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PUBLISHED: 3:59 PM on Wednesday, May 23, 2007
Collaborative community
Volunteers still needed to complete Twin Lakes playground
It's a rare, cloudless Friday morning in Juneau. Mike Goldstein, general coordinator for the Project Playground, is overseeing about 60 work crews, each handling different aspects of constructing a 20,000 square-foot playground at Twin Lakes scheduled to be finished in less than a week.

"Right now it looks like Disneyworld in a whole lot of different pieces," Goldstein said.


Photos by Amanda Gragert
  Quinn White runs screws through a bar of soap before tossing them into a bucket to be used in constructing the playground at Twin Lakes. The process lessens the chance of wood splintering.
"We've got a crew painting panels in a glacier blue color for the Ice Castle. It's going to be beautiful and really fit in to the landscape."

He said the area will be a Southeast Alaska play destination and could become an icon for the city.

Since work started May 15, organizers estimate that about 1,000 people have volunteered time to build the project.

"There's about 20 volunteers from the Coast Guard here this morning. It's great when you have people who have already worked together in teams because they move quickly," said Goldstein, himself a volunteer, who took time off from his job as wildlife ecologist with the U.S. Forest Service.

The governor showed up to cheer on builders last week. Other volunteers include grandmothers and teenagers from Juneau-Douglas High School, physicians, businesspeople and sailors from the U.S. Navy in Juneau for a week of R&R.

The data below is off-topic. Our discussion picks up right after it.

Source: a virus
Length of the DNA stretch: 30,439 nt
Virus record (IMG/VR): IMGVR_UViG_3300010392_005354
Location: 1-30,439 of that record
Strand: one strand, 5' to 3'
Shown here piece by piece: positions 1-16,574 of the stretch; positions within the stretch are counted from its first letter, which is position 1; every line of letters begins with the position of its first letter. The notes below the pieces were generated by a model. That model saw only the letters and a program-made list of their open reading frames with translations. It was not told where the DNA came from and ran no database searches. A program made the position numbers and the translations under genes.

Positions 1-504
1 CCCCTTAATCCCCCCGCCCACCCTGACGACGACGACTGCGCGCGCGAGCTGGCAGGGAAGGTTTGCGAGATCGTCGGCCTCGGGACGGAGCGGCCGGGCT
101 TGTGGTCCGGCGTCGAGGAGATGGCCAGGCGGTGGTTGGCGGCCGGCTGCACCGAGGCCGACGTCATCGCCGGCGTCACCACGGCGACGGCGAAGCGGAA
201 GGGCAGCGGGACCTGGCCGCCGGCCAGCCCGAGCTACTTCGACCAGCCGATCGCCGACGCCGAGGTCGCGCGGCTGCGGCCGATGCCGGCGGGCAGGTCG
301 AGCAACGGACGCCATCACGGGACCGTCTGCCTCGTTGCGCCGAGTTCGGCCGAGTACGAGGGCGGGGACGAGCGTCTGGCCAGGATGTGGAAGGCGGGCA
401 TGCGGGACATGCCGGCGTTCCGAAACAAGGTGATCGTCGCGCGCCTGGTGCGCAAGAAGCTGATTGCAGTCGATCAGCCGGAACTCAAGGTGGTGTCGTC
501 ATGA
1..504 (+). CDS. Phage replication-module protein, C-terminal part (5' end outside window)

Chief Troy Olsen is the head doctor on the U.S.S. Bunker Hill. The Aegis-class cruiser was parked at the Coast Guard Station for almost a week after participating in Northern Edge exercises in the Gulf of Alaska. The cruiser left Saturday.


Photos by Amanda Gragert
  Christina Cox paints panels for the ice tower.
Before it did, Olsen said it sent at least 75 officers and sailors to Project Playground. He said people signed up while still at sea. He worked at the site for most of the week.

"We put up tents to shelter people from the rain. Some of our crew unloaded a semi-truck full of lumber and started putting posts into pre-dug holes," he said.

Under the guidance of an Ithaca, New York architectural firm Leathers & Associates, the children of Juneau designed the playground, the community funded it and the volunteers are constructing the fish trap, mining maze and other unique aspects of the play area.

The project's design capitalizes on Juneau's history and its natural surroundings. It also accounts for the region's rain. When they're completed, many of the site's structures will have roofs. The slides are enclosed.


Photo by Amanda Gragert
  Volunteers work on a panel for the playground at Twin Lakes. Volunteers are still needed to complete the project. For information, go online to www.juneauplayground.com.
Building the playground has led to an outpouring of community spirit. Many businesses have sent employees including Lowpete Construction, Alcan Electric and Gastineau Guiding.

The Knights of Columbus made a four-star dinner for workers one night, Goldstein said. Northland Services lent the project a truck and a driver. Organizers raised about $490,000 from the community to build the playground.

Construction is scheduled to be completed this Saturday. Goldstein said the project is behind schedule and needs more volunteers.

Anyone interested in helping can call 789-5247. Information is also available at www.juneauplayground.com.


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